3. Linguistic Data Interchange: These standards facilitate data exchange from content creation and enable transformation of textual data within a broader organizational data flow context than just translation, good interchange standards can ensure that fast flowing streams of content get transformed more rapidly and get to customers as quickly as possible. XLIFF and TMX are examples of this, but I think the future is likely to be more about interfacing with “real” mission-critical systems (DBMS, Collaboration and CMS) used by companies rather than just TMS and TM systems which IMO are very likely to become less relevant and important to large scale corporate translation initiatives.

It is my sense that we have a lot of development on the first kind of "standard" listed above, but have a long way to go before we have meaningful standards in the second and third categories listed above.

So it is interesting to see the new TAUS and GALA initiatives to become standards leaders when you consider that LISA was actually not very effective in developing standards that really mattered. LISA was an organization that apparently involved buyers, LSPs and tools vendors but were unable to produce standards that really mattered to the industry. (In spite of sincere efforts to the contrary). TMX today is a weak standard at best and there are many variations that result in data loss and leverage loss whenever data interchange is involved. (Are the other standards they produced even worth mentioning? Who uses them?) Are we going to see more of the same with these new initiatives? Take a look at the TAUS board and the GALA board as these people will steer (and fund) these new initiatives. Pretty much all good folks, but do they really represent all the viewpoints necessary to develop standards that make sense to the whole emerging eco-system?


Why do standards matter?

Real standards make life easier for the whole eco-system, i.e. the content creators, the professional  translation community, the content consumers and everybody else who interacts, transforms or modifies valuable content along the way.  Standards matter if you are setting up translation production lines and pushing translation volumes up. At AGIS2010, Mahesh Kulkarni made a comment about standards in localization. He called them traffic rules that ease both user and creator experience (and of course these rules matter much more when there is a lot of traffic)  and he also said that standards evolve and have to be tested and need frequent revision before they settle. It is interesting to me that the focus in the non-profit world is on studying successful standards development in other IT areas in contrast to what we see at TAUS and GALA where the modus operandi seems to be to create separate new groups, with new missions and objectives, though they both claim to be in the interest of “everyone”.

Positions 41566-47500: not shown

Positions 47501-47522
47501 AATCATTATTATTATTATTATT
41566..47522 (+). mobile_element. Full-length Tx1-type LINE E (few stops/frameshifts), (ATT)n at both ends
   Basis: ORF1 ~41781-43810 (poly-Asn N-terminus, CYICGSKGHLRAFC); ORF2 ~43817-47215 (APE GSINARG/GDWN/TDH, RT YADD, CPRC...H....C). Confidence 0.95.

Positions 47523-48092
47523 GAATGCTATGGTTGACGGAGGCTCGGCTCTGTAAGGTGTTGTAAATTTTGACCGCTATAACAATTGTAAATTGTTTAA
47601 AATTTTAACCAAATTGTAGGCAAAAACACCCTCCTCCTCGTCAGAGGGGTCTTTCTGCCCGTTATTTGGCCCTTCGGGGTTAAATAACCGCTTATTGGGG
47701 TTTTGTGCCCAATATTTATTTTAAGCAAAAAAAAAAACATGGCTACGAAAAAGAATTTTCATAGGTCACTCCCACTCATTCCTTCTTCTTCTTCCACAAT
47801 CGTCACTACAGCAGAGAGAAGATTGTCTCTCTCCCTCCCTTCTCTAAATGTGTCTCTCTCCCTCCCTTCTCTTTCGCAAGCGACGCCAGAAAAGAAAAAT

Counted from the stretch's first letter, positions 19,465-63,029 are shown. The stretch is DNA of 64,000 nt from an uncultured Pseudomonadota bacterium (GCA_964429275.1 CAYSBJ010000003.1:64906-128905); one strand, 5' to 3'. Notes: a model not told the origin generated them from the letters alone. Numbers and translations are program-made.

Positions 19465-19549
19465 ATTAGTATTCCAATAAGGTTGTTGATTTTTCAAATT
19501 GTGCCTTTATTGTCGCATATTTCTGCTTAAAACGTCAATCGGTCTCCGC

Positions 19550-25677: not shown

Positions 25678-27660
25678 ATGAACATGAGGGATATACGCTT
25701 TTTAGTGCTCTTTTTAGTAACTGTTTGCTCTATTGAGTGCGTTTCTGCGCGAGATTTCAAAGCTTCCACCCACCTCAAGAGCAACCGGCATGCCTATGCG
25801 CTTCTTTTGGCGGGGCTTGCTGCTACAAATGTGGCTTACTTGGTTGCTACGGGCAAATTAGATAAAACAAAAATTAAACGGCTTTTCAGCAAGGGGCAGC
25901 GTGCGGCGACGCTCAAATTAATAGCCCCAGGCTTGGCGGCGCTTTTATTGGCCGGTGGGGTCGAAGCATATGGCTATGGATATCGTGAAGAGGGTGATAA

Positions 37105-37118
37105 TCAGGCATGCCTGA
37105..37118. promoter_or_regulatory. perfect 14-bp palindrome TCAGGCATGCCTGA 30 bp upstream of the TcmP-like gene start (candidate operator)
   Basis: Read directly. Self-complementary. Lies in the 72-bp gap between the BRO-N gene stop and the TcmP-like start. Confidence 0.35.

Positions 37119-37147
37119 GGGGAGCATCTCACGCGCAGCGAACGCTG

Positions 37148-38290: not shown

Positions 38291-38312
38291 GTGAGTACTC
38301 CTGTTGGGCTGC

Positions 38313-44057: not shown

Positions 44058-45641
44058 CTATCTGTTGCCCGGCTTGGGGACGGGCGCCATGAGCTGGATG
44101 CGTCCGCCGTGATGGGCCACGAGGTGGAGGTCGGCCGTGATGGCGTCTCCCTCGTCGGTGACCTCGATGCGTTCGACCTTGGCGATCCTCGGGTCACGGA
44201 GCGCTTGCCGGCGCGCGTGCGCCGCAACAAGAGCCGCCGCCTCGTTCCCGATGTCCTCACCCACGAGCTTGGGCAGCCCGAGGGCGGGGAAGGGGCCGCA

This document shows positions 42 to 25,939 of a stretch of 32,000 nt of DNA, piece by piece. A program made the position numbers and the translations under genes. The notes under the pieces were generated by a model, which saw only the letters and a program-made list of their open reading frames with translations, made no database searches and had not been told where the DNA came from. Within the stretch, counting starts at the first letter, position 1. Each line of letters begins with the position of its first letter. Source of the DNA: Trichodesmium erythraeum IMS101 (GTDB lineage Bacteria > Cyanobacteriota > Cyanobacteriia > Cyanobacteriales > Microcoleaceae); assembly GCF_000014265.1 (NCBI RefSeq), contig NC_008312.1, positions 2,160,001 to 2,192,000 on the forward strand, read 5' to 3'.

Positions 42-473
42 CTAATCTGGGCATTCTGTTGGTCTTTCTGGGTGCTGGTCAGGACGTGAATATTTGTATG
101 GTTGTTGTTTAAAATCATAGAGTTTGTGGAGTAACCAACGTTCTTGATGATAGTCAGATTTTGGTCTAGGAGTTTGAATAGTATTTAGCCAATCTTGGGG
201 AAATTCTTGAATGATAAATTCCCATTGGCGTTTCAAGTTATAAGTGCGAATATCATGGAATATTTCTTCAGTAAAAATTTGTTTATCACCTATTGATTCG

There was a great posting by Arle Lommel on the LISA site that is now gone on why standards matter, and there is also a perspective presented by Smith Yewell on the TAUS site on why we should care. I hope there will be more discussion on why standards matter as this may help drive meaningful action on what to do next, and produce more collaborative action.

So today we are at a point where we have TAUS saying that it is taking on the role of an "industry watchdog for interoperability"  by funding activities that will track compliance of the various tools and appointing a person as a full-time standards monitor.  Jost Zetzsche has pointed out that this is fabulous, but the TAUS initiative only really represents the viewpoint of “buyers” i.e. localization managers, (not the actual corporate managers who run international businesses). The REAL buyer (Global Customer Support, Global Sales & Marketing Management)  probably care less about TM leverage rates than they do about getting the right information to the global customer in a timely and cost-effective way on internet schedules i.e. really fast so that it has an impact on market share in the near term. Not to mention the fact that compliance and law enforcement can be tricky without a system of checks and balances, but it is good to see that the issue has been recognized and a discussion has begun. TAUS is attempting to soften the language they use in defining their role, as watchdogs are often not very friendly.